- Aug 23, 2020
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The bow of HMS Glasgow was moved slowly from the build shed
The first section of a new class of Royal Navy warship has been rolled out at a Clyde shipyard.
It took 90 minutes to move the bow of HMS Glasgow from the build hall at BAE Systems' Govan site.
The ship is the first of the new City Class Type 26 frigates being built for the Royal Navy.
The section, containing the bridge, operations room and accommodation spaces, will be joined to the aft section in the coming weeks.
The Type 26 frigates - also known as the Global Combat Ship - are designed to partially replace the Navy's 13 ageing Type 23 warships.
The front section of the ship will be joined to the aft section in the coming weeks
Their primary role will be anti-submarine warfare, although they are also suitable for a range of operations including air defence.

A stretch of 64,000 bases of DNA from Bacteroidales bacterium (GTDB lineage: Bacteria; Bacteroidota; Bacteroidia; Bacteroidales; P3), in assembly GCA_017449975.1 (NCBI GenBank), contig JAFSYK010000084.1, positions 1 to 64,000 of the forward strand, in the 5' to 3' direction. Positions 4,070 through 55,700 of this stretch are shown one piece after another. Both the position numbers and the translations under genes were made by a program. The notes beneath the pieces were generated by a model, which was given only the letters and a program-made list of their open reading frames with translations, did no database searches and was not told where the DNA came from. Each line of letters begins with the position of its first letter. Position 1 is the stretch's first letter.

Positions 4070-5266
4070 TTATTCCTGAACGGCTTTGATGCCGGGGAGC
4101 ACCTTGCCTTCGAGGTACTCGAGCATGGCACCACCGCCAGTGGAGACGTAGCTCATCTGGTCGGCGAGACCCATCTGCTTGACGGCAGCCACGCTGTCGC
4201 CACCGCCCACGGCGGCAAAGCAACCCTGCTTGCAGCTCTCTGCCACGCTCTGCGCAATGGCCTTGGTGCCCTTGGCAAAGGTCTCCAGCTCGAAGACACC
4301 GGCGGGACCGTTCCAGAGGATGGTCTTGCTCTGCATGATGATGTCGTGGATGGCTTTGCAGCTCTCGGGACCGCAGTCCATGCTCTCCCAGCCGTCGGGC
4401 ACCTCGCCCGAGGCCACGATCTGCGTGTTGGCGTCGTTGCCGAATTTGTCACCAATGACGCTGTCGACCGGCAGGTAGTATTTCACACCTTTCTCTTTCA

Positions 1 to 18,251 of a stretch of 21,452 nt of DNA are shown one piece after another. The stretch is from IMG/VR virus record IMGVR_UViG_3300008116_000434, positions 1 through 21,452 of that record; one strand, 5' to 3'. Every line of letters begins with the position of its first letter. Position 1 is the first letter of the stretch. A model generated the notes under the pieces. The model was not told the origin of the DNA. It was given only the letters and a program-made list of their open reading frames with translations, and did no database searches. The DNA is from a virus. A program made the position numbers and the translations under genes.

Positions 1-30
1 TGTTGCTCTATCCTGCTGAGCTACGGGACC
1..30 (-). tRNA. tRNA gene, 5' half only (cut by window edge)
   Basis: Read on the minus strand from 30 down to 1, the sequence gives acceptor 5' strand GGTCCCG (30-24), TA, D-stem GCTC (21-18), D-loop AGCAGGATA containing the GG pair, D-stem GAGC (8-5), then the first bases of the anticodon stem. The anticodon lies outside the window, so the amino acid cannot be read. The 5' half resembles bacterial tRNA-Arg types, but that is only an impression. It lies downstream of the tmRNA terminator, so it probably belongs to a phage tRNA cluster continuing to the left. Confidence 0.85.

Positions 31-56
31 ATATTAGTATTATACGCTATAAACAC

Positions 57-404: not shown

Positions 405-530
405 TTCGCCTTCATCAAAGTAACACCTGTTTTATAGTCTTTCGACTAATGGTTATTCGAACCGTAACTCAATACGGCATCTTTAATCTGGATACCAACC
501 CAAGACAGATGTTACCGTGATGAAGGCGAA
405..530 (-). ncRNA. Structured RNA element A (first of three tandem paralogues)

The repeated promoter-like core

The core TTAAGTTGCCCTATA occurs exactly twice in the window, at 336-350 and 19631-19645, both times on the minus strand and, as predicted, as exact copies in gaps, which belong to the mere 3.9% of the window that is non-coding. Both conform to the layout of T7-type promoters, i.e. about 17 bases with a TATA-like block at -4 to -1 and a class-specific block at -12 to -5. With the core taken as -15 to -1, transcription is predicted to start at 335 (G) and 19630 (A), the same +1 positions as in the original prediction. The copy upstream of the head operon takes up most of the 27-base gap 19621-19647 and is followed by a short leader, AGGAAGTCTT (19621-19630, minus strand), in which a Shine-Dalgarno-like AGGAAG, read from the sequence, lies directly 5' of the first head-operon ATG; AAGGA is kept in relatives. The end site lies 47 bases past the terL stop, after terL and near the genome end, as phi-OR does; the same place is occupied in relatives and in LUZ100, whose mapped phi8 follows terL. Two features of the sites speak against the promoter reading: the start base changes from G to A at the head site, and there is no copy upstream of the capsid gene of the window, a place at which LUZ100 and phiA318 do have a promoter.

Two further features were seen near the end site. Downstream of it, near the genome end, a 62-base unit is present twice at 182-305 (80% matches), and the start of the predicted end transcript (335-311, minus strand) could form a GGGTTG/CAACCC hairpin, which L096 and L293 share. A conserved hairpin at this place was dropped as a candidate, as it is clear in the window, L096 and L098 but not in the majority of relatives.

Simon Lister, managing director of BAE Systems Naval Warships, said: "The emergence of HMS Glasgow is a very proud day for everyone involved and is testament to the skills and passion of our workforce.
"We have now completed the construction of all units of the ship and in the coming weeks our skilled teams will bring the hull together for the first time."
Eight Type 26 frigates are expected to be built at BAE's Govan and Scotstoun yards on the Clyde, with HMS Glasgow due to enter service in the mid 2020s.
Work is under way on the second ship, HMS Cardiff, and construction of the third, HMS Belfast, will begin later this year.
Variants of the design are being produced for the Australian and Canadian navies.
The new Type 26 frigates will primarily be used for anti-submarine warfare